The first month of 2023 saw the United States Supreme Court’s grant of certiorari and a handful of decisions from the Eighth Circuit in the employment law realm:
First, on January 10, 2023, the United States Court heard oral argument in Glacier Northwest v. International Brotherhood of Teamsters. The issue in this case is whether the National Labor Relations Board (“NLRB”) preempts state-court lawsuits to recover damages for property allegedly destroyed during a strike. A construction materials company brought a lawsuit seeking damages from a local union for concrete that spoiled during a drivers’ strike. The Washington Supreme Court affirmed the dismissal of the state-law claims under the Garmon preemption doctrine, which blocks state lawsuits regarding union conduct, including strikes that are arguably protected under the National Labor Relations Act (“NLRA”).
In Mayorga v. Marsden Building Maintenance, the Eighth Circuit Court of Appeals addressed a gender-based wage discrimination lawsuit. In that case, the Eighth Circuit upheld summary judgment in favor of the employer in a lawsuit filed by a female building special services worker who alleged that she was paid less than two male colleagues who were hired at the same time and performed the same work. She brought her lawsuit under Iowa law. Applying the same standards as under the federal Equal Pay Act, the Eighth Circuit stated that an employer “cannot escape liability merely by articulating a legitimate non-discriminatory reason for the employment action,” but rather must “prove that the pay differential was based on a factor other than sex.” Ultimately, however, the Court found that the evidence established that the two male employees actually had more relevant experience, while the female employee had no experience in special services and had to learn to use some of the special services equipment “on the job.” Accordingly, the Court agreed with the federal district court that the pay differential between the female employee and her male counterparts was justified based on the employees’ prior work experience.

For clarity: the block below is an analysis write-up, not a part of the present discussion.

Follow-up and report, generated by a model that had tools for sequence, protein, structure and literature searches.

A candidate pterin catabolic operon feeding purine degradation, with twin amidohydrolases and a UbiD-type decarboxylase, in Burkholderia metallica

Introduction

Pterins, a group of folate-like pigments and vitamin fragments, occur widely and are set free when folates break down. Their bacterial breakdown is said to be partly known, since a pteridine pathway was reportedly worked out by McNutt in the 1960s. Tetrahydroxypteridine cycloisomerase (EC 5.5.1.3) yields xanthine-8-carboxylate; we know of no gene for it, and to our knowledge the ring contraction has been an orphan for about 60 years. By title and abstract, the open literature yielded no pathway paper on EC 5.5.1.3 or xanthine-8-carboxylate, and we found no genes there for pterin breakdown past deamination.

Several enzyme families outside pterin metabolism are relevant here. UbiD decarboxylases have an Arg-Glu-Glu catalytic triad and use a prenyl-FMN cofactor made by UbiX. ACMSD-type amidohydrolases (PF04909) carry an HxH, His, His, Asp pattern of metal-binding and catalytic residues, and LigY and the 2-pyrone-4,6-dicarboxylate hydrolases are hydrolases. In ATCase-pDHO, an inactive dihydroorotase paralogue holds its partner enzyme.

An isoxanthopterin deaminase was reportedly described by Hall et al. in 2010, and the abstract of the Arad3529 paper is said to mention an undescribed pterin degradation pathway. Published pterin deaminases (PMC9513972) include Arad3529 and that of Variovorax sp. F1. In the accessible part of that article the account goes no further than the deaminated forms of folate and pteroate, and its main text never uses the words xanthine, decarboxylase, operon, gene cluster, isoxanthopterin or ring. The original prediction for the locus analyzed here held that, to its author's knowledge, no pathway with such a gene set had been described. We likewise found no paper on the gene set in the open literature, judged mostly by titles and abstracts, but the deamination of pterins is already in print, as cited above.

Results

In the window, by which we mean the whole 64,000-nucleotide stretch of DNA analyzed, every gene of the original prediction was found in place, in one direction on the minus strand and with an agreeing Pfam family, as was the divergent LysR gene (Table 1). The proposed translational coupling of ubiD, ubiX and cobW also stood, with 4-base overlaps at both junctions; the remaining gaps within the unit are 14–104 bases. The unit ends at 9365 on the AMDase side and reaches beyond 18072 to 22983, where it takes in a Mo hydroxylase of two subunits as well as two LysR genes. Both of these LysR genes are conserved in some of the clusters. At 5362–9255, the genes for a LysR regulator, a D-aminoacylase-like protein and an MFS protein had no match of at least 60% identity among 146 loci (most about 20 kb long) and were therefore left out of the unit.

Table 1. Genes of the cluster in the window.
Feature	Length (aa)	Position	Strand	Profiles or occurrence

In Corkrean v. Drake University, the Eighth Circuit Court of Appeals addressed disability and FMLA retaliation. There, the Eighth Circuit affirmed summary judgment in favor of an employer in a lawsuit filed by an employee with multiple sclerosis who was terminated after twenty-eight years of employment. The employee was a college budget and office manager who reported directly to the dean. In July 2018, a new dean was appointed, and, from the outset, before learning of the employee’s medical condition, the dean had issues with the employee’s performance. When the dean discussed with the employee her erratic attendance, the employee told the dean that she had multiple sclerosis. Human resources provided the employee with FMLA certification forms, which she completed, and informed her that she needed to notify her supervisor when she was absent for an FMLA-protected reason, which she frequently failed to do. The employee’s performance issues continued, and the dean met with the employee a number of times to discuss the problems, including unprofessional communications with staff, failing to pay faculty members the appropriate amounts, missed deadlines, taking unapproved time off for personal reasons, and frequently failing to communicate the reasons for her absences. When the employee’s performance did not improve, a human resources representative met with the employee to discuss the issues and provided her with a written performance memorandum listing the performance issues, outlining an improvement plan, describing FMLA procedures, and warning that “failure to achieve immediate and sustained improvement . . . could result in further disciplinary action.” Two months later, when the employee failed to correct her performance deficiencies, she was terminated from her employment. The employee filed a lawsuit against the employer, alleging that she was terminated due to her disability in violation of the Americans with Disability Act and for taking FMLA leave. In affirming summary judgment for the employer, the Eighth Circuit found the employer “established a robust, well-documented set of legitimate reasons for the employee’s termination,” the employee failed to provide sufficient evidence of pretext, noting that the employee’s supervisor and human resources representatives “were always careful to separate performance and unexcused attendance issues from FMLA leave.” This case amply demonstrates the importance of contemporaneous and comprehensive documentation of employee performance issues and coaching efforts.